Flyway for elephants
The Authorities of Rajaji National Park in Uttarakhand are working on a project to build two overpass corridors for elephants. Constructed at the direction of the Supreme Court-appointed Central Empowered Committee (cec), the flyways will bypass a stretch of railway tracks and a motorable road that pass through the Motichur elephant corridor. Each overpass will be of 100 m wide and up to 10 m high. Authorities plan to plant grass and shrubs to give it a natural look. They have also approached the Indian Institute of Technology, Delhi, to make it vibration proof. The Compensatory Afforestation Manag-ement and Planning Authority will fund the project. Once completed, it will be the first overpass of its kind in India.
Epidemic in East Africa
The outbreak of a contagious and virulent disease, Peste de Petits Ruminants (ppr), in Kenya and Uganda is exacerbating the already high levels of food insecurity in the region. Locally known as 'lomoo', the disease causes fever and diarrhoea among livestock and is often fatal. Endemic in Ethiopia and some parts of Sudan, ppr was first reported in Kenya in 2006. Since then, it has spread to 16 districts and killed over 400,000 sheep and goats.
The government vaccinated 1.5 million goats and sheep in 2007, but it says the campaign could not be completed due to lack of funds. Veterinarians say about three million sheep and goats
|Thirteen villages are being relocated
across the country are at risk. They blame failed rains this year and say the disease is fast spreading as ppr-
affected livestock from the drier northern and central areas are moving to the southern areas in search of water and pasture. Experts say there is a need for continuous vaccination for at least three years to control the disease.
European pines threatened
The European Commission has imposed tight restrictions on the export of Portuguese pine after experts said that the country's pine forests are at risk from a bug that causes pine wilt. The disease has killed tens of thousands of pine trees in Portugal and is spreading further. The commission mandates that the pine must be disinfected and given a clean bill of health before it leaves the country. Officials say the nematode (Bursaphelenchus xylophilus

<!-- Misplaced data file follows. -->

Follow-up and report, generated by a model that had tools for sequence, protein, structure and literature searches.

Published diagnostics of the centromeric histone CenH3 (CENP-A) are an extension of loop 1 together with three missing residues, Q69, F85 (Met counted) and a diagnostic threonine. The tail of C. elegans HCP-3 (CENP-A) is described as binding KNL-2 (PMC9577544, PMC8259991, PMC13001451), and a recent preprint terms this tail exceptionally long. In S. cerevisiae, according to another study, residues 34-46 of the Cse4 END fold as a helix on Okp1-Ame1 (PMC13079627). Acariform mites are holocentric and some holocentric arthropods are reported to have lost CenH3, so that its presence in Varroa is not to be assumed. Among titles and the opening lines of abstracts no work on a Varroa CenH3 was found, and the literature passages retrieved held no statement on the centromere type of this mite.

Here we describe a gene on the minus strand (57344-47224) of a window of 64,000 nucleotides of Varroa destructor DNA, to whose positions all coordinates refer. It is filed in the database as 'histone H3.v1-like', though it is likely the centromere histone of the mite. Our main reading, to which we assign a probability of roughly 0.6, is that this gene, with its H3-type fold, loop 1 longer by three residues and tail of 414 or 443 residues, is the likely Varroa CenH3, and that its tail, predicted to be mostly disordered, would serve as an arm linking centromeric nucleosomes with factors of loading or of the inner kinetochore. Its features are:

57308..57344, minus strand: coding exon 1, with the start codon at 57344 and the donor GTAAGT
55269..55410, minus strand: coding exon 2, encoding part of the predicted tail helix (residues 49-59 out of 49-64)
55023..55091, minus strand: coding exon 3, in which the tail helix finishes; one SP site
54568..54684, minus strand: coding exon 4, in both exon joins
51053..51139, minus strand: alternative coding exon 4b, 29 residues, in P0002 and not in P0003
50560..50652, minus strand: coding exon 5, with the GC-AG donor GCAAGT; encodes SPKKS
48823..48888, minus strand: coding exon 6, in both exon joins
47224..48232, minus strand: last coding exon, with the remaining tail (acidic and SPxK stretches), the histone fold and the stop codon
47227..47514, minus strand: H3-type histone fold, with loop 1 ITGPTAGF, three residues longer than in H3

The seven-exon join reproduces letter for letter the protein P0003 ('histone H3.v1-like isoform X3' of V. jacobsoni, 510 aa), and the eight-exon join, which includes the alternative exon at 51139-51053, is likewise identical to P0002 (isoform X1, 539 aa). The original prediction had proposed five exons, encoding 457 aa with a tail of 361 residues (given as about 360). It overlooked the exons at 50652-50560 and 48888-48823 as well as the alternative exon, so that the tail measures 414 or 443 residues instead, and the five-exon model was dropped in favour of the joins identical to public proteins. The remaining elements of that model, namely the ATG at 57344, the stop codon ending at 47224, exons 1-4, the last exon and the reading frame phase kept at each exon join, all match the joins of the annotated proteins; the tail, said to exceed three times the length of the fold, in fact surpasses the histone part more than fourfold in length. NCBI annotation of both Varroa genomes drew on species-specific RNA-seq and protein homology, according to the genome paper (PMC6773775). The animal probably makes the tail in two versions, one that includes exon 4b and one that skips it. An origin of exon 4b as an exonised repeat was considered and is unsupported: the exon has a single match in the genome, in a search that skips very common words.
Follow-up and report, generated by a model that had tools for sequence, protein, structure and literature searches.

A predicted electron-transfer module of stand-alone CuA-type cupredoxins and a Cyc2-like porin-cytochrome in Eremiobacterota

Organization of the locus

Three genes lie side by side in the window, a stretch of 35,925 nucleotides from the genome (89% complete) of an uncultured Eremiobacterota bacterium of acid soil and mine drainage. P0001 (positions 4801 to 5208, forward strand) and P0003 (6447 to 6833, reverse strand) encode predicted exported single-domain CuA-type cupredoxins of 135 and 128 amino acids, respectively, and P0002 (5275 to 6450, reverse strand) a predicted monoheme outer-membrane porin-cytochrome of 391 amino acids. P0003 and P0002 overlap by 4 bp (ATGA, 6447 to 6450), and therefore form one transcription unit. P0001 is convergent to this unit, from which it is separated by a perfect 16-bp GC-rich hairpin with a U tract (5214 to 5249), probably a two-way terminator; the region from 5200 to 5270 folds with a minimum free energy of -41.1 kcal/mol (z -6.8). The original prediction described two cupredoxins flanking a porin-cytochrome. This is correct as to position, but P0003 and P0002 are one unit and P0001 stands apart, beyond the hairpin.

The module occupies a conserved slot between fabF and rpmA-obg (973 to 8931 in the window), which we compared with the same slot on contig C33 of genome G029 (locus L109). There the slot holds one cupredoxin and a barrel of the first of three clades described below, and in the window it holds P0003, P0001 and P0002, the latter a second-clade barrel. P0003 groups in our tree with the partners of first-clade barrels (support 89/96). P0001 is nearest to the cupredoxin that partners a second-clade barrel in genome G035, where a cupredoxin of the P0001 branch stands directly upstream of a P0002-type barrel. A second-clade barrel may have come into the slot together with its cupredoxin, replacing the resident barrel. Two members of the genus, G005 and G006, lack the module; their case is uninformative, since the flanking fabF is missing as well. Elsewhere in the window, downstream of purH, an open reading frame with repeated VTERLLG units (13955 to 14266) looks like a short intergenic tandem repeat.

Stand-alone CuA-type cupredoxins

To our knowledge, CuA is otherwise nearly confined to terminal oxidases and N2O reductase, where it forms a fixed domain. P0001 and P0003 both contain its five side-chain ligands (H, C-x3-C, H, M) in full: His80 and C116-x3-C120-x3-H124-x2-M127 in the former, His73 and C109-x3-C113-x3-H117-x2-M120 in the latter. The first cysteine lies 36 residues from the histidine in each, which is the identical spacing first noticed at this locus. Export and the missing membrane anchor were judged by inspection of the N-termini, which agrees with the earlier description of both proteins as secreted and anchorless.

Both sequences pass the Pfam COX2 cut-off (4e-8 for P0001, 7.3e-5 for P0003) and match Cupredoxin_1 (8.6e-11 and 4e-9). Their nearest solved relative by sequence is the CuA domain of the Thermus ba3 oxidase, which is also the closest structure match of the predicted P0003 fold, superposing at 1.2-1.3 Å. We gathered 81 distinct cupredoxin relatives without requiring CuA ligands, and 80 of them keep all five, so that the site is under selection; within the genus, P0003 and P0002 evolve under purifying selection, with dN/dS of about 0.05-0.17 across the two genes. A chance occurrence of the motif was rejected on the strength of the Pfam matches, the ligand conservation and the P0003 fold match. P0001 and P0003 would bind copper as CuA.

) has already wreaked havoc in east Asia. Carried by a flying beetle, the parasite eats its way through the pine tree's circulatory system, choking the flow of sap and killing it within two weeks. It was first detected in the Setbal region in 1999, when it wiped out 340,000 trees within a span of two years.
Dhaka drive below target
A rice and paddy procurement drive launched by the Bangladesh government fell short of target by the deadline of August 31. Initiated on April 15, the drive aimed to stock up 1.2 million tonnes of rice and 300,000 tonnes of paddy this year. But inclement weather allowed the procurement of only 707,000 tonnes of rice by the second week of August, which was less by 493,000 tonnes. Paddy procured was 44,800 tonnes, short by 255,200 tonnes. This, even after the procurement prices were raised. The government has therefore extended the procurement drive to meet the target.
Birds shift nesting habits
Climate change is making birds in the uk
breed early. Analysis of 30,000 nests shows that birds such as the chaffinch and the robin are laying their eggs about a week earlier than in the 1960s. The survey also found that birds were altering their nesting and migration patterns, and travelling further to find food. The change in egg-laying behaviour has prompted concerns that young birds could emerge in spring before suitable food is available. It appears that eventually the birds will breed so early that most of them will be out of sync with their major food source of caterpillars, say ornithologists. The report, jointly produced by conservation groups, also states that drier summers are forcing species such as the song thrush to rear fewer chicks because food is less than ample.